LONDON -- Luis Figo says he would consider expanding the World Cup if he is elected FIFA president in May.
He has also pledged to restore FIFA's reputation by rebuilding the governing body's credibility.
"In the recent months and even years, I have seen the image of FIFA deteriorate," Figo said. "I speak to many people in football -- players, managers and association presidents - and they have told me something has to be changed.
"I agree with them and this is why I want to become FIFA president. I'm not the kind of man who sits aside and refuses to act. I want a new style of leadership of FIFA that can restore transparency, cooperation and solidarity.
"In my manifesto I have outlined clearly how I would seek to restore FIFA's credibility and rebuild trust in it. This will not be a quick fix, it requires fundamental changes. I'm ready to bring real changes to FIFA, changes that will bring a positive era for FIFA and every one of its member associations."
The 42-year-old is the only former player standing in May's election, which also features FIFA vice president Prince Ali Bin Al Hussein and Dutch football association chairman Michael van Praag.
Figo hopes his status as a former player who emerged from humble origins and the fact his only desire is to see football prosper identify him as the outstanding candidate.
"Football has given me so much in my life and I now want to give something back to the game that has shaped me so deeply," the ex-Barcelona, Real Madrid and Inter Milan midfielder said.
"I grew up in a working class district in Lisbon playing on the streets and my life changed forever through the power of football. Thanks to me playing and my football experience, I am lucky to be an independent man. I don't owe anything to anybody.
"This means I can serve as FIFA president in the interests of football, for football. Football runs in my veins. I'm a man who cares about football, inside and out."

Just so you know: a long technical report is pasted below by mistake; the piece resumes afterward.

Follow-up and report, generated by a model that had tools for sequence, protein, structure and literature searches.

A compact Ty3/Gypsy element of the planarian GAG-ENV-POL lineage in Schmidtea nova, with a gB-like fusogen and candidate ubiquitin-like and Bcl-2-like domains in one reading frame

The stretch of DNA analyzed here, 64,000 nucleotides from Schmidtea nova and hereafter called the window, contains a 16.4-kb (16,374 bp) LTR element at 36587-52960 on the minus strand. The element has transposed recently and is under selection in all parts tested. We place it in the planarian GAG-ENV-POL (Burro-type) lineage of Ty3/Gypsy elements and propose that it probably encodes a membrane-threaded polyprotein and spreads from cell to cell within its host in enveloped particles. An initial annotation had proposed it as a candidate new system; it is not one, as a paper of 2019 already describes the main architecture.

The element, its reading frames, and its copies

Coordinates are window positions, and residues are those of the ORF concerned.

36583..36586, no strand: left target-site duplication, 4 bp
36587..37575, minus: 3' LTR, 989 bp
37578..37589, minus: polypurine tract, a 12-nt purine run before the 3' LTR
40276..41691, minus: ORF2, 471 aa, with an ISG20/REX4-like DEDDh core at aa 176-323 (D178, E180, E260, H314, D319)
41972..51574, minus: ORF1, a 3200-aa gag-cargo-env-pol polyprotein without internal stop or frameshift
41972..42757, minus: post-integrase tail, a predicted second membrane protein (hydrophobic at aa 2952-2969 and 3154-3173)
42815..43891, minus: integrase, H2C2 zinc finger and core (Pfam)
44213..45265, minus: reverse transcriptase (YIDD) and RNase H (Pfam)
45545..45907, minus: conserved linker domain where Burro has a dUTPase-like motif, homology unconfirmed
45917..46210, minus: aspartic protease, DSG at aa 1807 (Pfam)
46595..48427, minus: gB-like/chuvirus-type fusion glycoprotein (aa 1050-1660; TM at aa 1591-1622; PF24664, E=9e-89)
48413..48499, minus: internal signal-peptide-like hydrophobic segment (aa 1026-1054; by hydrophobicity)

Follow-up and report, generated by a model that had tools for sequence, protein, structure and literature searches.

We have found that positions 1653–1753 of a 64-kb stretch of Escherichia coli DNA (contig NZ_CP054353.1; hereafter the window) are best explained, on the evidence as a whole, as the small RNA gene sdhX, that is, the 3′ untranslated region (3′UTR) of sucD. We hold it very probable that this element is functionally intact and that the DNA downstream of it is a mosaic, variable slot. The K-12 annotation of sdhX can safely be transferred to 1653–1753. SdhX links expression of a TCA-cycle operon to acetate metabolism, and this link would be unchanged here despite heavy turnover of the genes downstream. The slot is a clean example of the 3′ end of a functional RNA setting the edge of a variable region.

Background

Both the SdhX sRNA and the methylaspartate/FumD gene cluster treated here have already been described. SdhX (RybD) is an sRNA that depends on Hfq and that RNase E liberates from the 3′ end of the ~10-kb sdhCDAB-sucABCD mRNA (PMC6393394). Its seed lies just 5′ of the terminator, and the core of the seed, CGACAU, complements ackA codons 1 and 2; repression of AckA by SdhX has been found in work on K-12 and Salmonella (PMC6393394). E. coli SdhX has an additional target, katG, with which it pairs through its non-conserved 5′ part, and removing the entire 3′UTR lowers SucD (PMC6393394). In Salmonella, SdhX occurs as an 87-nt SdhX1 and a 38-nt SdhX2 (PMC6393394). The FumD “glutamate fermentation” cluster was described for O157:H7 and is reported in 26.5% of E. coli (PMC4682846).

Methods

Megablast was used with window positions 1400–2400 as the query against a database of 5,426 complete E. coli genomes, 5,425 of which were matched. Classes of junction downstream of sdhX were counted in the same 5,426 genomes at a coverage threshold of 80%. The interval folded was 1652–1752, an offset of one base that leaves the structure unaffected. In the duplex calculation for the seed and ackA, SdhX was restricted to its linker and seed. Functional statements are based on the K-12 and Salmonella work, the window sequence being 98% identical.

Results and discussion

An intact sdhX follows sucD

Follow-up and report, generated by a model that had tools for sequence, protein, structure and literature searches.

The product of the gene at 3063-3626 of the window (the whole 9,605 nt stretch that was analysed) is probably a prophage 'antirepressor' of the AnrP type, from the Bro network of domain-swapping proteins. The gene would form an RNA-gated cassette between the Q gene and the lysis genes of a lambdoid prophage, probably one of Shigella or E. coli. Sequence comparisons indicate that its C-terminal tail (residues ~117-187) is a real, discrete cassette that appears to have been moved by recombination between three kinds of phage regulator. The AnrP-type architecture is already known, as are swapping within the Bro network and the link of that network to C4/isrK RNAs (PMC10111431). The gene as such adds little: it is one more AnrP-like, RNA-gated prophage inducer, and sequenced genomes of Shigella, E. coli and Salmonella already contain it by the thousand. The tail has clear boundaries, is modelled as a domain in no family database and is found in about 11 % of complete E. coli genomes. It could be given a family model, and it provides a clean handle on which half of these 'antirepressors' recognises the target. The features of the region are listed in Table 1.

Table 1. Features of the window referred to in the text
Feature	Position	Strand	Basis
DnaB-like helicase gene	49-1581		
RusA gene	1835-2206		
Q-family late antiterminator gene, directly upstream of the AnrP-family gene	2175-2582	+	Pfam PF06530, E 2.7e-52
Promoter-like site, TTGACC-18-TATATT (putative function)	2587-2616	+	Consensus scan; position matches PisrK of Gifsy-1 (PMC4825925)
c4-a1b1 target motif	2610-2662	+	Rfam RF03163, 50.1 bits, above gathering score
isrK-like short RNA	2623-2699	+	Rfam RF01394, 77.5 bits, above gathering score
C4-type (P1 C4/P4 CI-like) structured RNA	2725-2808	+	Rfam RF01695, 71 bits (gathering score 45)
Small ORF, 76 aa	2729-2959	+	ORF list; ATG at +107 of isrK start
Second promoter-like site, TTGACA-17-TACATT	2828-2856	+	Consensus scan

Figo says the 32-team World Cup could be expanded to 40 teams or FIFA could stage two 24-team tournaments simultaneously on two continents followed by a knockout phase in one nation.
In Figo's manifesto, which was launched on Thursday, the Portugal great also proposes that $1 billion of FIFA's $1.5 billion cash reserves be redistributed to the 209 national federations.
Figo received the backing of former England captain and Real Madrid teammate David Beckham on Wednesday, who said: "I welcome the candidacy of my friend Luis for FIFA president.
"Any successful organization needs to have good people who are passionate about the game and want to do the best for fans."
Figo played at clubs including Barcelona, Real and Inter during his career and won the Ballon d'Or in 2000 as well as the FIFA World Player of the Year award in 2001.
* The creation of school football projects in every member association country with at least 50 percent of FIFA's solidarity fund spent on grass roots football pitches, balls and kits. Every member association must seek to increase the number of registered boys and girls playing football by at least 10 percent over the next four years.
* Radical change to the way FIFA distributes its solidarity payments. 50 percent of FIFA's revenues -- $2.5 billion (£1.62 billion) -- should be distributed directly to the national associations over four years.
* $1 billion (£650 million) of FIFA's $1.5 billion (£970 million) reserves should be freed up and invested in football development. Independent experts state that $500 million (£324 million) is sufficient to cover the operational needs of FIFA in the unlikely event the World Cup will be postponed.
* Consider proposals to expand the World Cup from its current 32-team structure to a 40 or even 48-team competition. Both these options are feasible with an extra three to four days of tournament play. Additional teams to be drawn from non-European nations.
* Recommendations for changes to the laws of the game including a debate over the use of additional technology, the end of the triple punishment rule, the testing of sin-bins for unsporting behaviour and return of the 'old' definition of the offside rule (a player is judged offside whether directly involved in play or not).
* Ensuring the full independence of the governance, audit and compliance committee to ensure good governance across the entire FIFA organisation. A FIFA football council should be established to advise the president and executive committee.